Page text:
The economy is showing signs of fumbling the recovery.
Sure, stocks closed at a multiyear high yesterday and the European Central Bank appears to be finally making headway into tackling the euro's woes, but have things really been all that great?
Consumer confidence hit a nine-month low in August, and the political jockeying these past two weeks indicate that things will get heated as we stumble our way toward November's vote.
It's not just iffy news at the macro level.
There are more than a few companies that aren't pulling their own weight in this supposed economic recovery.
There are still plenty of names posting lower earnings than they did a year ago. Let's go over a few of the companies that are expected to go the wrong way on the bottom line next week.
Latest-Quarter EPS (Estimated)
Year-Ago Quarter EPS
Casey's General Stores
Source: Thomson Reuters.
Clearing the table
Let's start at the top; Casey's at bat.
Casey's General Stores runs a chain of convenience stores. This may seem to be a steady all-weather business, but Wall Street hasn't had an easy time getting a good read on the retailer. If you think that Casey's may actually earn less than the $0.95 a share that analysts are targeting, recent history would be there to back you up. Casey's has come up short against bottom-line expectations in three of the past four quarters.
Majesco seemed to be the next hot video game publisher a few quarters ago. It had a hit a few years ago with its Cooking Mama line of games, and then it became a leader in the workout category with its Zumba Fitness titles.
Majesco may have been profitable in five of the last six quarters, but the market's bracing for a quarterly deficit when Majesco reports on Monday.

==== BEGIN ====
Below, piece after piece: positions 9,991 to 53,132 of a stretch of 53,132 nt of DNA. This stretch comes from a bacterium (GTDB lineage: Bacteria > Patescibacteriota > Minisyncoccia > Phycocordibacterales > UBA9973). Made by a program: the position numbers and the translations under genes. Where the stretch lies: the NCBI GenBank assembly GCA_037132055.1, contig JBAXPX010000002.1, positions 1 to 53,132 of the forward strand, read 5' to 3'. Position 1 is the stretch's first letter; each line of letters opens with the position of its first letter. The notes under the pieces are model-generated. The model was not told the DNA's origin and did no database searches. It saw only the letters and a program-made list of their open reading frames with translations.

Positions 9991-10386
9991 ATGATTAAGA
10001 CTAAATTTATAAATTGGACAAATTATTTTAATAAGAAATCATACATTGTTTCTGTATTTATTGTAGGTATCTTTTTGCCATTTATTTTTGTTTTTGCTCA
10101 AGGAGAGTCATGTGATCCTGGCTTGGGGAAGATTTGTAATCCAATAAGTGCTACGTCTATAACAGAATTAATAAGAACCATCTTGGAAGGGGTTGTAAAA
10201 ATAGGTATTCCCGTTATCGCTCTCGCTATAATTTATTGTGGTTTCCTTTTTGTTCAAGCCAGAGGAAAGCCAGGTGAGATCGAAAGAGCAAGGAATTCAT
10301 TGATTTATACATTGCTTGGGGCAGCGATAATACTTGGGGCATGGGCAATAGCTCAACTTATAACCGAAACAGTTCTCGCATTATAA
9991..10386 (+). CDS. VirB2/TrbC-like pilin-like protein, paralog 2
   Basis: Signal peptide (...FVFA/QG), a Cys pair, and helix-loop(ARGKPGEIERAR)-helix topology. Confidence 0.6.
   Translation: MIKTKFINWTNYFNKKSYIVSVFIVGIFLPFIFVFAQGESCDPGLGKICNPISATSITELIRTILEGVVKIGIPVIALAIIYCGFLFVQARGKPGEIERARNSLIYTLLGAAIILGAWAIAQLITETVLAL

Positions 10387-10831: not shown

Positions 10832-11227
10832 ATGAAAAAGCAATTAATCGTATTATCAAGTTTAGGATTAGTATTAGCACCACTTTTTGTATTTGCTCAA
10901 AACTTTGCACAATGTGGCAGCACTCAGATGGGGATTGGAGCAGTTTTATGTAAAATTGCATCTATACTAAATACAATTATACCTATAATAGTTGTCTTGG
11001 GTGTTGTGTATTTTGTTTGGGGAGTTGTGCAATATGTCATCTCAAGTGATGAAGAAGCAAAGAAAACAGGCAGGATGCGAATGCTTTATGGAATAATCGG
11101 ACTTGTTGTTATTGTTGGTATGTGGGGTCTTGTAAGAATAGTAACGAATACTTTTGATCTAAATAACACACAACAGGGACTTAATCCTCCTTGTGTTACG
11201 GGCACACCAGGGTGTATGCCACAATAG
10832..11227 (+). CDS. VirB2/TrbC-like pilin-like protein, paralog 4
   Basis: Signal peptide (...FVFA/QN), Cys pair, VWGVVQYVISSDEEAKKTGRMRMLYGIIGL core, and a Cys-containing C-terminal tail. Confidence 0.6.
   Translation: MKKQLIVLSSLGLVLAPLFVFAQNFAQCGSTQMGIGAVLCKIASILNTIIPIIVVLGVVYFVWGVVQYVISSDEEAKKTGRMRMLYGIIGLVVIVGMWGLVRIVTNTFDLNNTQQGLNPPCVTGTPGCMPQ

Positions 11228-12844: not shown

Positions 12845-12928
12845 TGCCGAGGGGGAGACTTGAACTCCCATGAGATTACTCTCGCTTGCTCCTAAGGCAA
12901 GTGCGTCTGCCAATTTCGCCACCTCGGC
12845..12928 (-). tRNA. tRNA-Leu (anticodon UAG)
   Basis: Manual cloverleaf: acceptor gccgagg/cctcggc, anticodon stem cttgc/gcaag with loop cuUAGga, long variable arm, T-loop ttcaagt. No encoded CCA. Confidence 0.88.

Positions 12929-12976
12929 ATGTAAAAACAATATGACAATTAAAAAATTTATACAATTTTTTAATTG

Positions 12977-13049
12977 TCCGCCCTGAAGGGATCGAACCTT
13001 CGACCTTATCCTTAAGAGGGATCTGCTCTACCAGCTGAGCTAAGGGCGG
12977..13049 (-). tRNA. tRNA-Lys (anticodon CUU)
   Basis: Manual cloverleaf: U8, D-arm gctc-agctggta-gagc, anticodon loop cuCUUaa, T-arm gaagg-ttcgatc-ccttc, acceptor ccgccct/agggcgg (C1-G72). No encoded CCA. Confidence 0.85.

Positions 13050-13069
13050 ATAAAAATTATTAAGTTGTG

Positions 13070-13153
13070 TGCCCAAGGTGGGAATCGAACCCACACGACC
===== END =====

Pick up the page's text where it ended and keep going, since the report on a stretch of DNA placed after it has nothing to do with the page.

It isn't a surprise to see Hanwha SolarOne on this list. The Qidong-based provider of solar energy equipment is in an industry that's out of favor. The hot demand in China and Europe to go solar has cooled along with their respective economies, and Hanwha is just another player that's trying to make the most of a bad situation until sentiment for solar shines again.
Peerless Manufacturing is another company going the wrong way at the end of its income statement. The company provides the energy industry with gear, but this doesn't seem to be a great place to be right now. Wall Street's banking on Peerless earning half as much as it did a year earlier.
Finally, we have Five Below. True to its name, the discounter's stores offer a wide variety of merchandise that's all priced at $5 or less. It's a seasonal business, and naturally the company makes most of its money during the holiday shopping season. However, this fiscal second quarter has historically been its second meatiest reporting period.
A year ago, Five Below cranked out a profit of $2.2 million. This time around -- fresh off its recent IPO -- analysts feel that Five Below will barely break even.
Why the long face, short-seller?
These companies have seen better days. The market has rewarded many of these stocks with reasonable gains over the past year, but they still haven't earned those upticks. Lower earnings translate into higher earnings multiples, and nobody wants to see that happen.
The good news here is that Wall Street already expects these companies to deliver shrinking bottom lines. In other words, the bad news is already baked into the shares.
The more I think about it, the less worried I become.
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